This is an excerpt from the book “THE AI THOUGHT BOOK”
AI can be implicated in crime in several ways. Most obviously, AI could be used as a tool for crime, using its capabilities to facilitate actions against real-world targets: predicting the behavior of people or institutions to discover and exploit vulnerabilities; generating fake content for extortion or to damage reputations; performing acts that human perpetrators cannot or will not perform themselves for reasons of danger, physical size, speed of response, etc. Although the methods are new, the crimes themselves may be traditional in nature — theft, extortion, intimidation, terror. Alternatively, AI systems themselves may be the target of criminal activity: Circumventing protective systems that stand in the way of a crime; evading detection or prosecution of crimes already committed; causing trusted or critical systems to fail or misbehave cause harm or undermine public trust.
AI could also provide context for a crime. The fraudulent activity could depend on the victim believing that a certain AI functionality is possible when it is not — or that it is possible but not used for the fraud. Of course, these categories are not mutually exclusive. As in the adage about catching a thief, an AI system attack may itself require an AI system to be carried out. The fraudulent simulation of nonexistent AI capabilities could be executed using other AI methods that exist. Crimes vary enormously. They may be directed against individuals or institutions, businesses or customers, property, government, the social fabric, or public discourse. They may be motivated by financial gain, acquisition of power, or change in status relative to others. They may enhance or damage reputations or relationships, change policy, or sow discord; such effects may be an end in themselves or a stepping stone to a broader goal. They may be committed to mitigate or avoid punishment for other crimes. They may be driven by a desire for revenge or sexual gratification or to further religious or political goals. They may express nothing more than a nihilistic urge to destroy, vandalize, or commit violence for its own sake. The extent to which AI can amplify this variety of criminal acts depends mostly on how much they are embedded in a computational environment: Robotics is advancing rapidly, but AI is better suited to participate in a bank fraud than in a bar fight. This preference for the digital over the physical world is a weak defense. However, because today’s society is deeply dependent on complex computer networks, not only for finance and commerce but also for all forms of communication, politics, news, work, and social relationships. People now conduct large parts of their lives online, get most of their information there, and their online activities can make or break their reputations. This trend is likely to continue for the foreseeable future. Such an online environment, where data is property and information power, is ideally suited for exploitation by AI-based criminal activities that can have significant real-world consequences. Moreover, unlike many traditional crimes, crimes in the digital domain are often highly reproducible: once developed, techniques can be shared, repeated, and even sold, opening up the potential for commercializing criminal techniques or providing “crime as a service.” This can lead to a lowering of technological barriers as criminals are able to outsource the more challenging aspects of their AI-based crimes.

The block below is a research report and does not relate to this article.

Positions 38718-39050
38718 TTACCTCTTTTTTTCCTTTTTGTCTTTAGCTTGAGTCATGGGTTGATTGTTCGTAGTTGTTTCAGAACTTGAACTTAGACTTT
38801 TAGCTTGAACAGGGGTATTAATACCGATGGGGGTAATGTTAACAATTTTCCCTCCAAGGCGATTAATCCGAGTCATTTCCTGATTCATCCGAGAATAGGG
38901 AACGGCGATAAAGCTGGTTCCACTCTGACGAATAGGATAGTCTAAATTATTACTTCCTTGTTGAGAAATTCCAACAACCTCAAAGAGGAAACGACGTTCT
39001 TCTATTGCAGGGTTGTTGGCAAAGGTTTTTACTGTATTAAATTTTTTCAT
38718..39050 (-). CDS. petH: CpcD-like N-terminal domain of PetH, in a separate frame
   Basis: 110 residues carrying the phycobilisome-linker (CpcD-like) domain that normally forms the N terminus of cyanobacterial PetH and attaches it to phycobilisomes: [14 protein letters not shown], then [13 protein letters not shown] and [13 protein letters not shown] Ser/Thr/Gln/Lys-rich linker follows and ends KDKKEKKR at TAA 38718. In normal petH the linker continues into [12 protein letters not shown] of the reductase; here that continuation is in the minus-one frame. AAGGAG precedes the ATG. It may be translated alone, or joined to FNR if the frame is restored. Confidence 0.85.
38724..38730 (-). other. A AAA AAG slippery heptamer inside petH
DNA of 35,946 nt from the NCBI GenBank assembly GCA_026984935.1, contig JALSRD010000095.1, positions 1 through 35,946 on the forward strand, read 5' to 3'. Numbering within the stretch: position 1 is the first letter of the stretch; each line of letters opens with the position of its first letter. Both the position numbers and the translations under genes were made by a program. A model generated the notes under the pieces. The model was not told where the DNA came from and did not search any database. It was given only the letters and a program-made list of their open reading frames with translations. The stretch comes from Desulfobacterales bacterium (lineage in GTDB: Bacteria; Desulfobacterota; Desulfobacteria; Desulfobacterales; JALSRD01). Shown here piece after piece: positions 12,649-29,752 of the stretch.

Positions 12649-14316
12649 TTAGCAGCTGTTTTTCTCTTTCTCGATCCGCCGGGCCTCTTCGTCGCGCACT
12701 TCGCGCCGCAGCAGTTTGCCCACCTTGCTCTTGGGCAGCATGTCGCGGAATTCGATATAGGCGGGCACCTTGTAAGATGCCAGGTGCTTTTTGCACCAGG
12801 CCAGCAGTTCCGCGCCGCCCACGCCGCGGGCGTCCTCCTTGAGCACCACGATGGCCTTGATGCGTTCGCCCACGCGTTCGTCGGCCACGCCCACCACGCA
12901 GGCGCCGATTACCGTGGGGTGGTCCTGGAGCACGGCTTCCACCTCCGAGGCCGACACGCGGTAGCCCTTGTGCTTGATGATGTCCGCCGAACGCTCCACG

Listed below are some potential hazards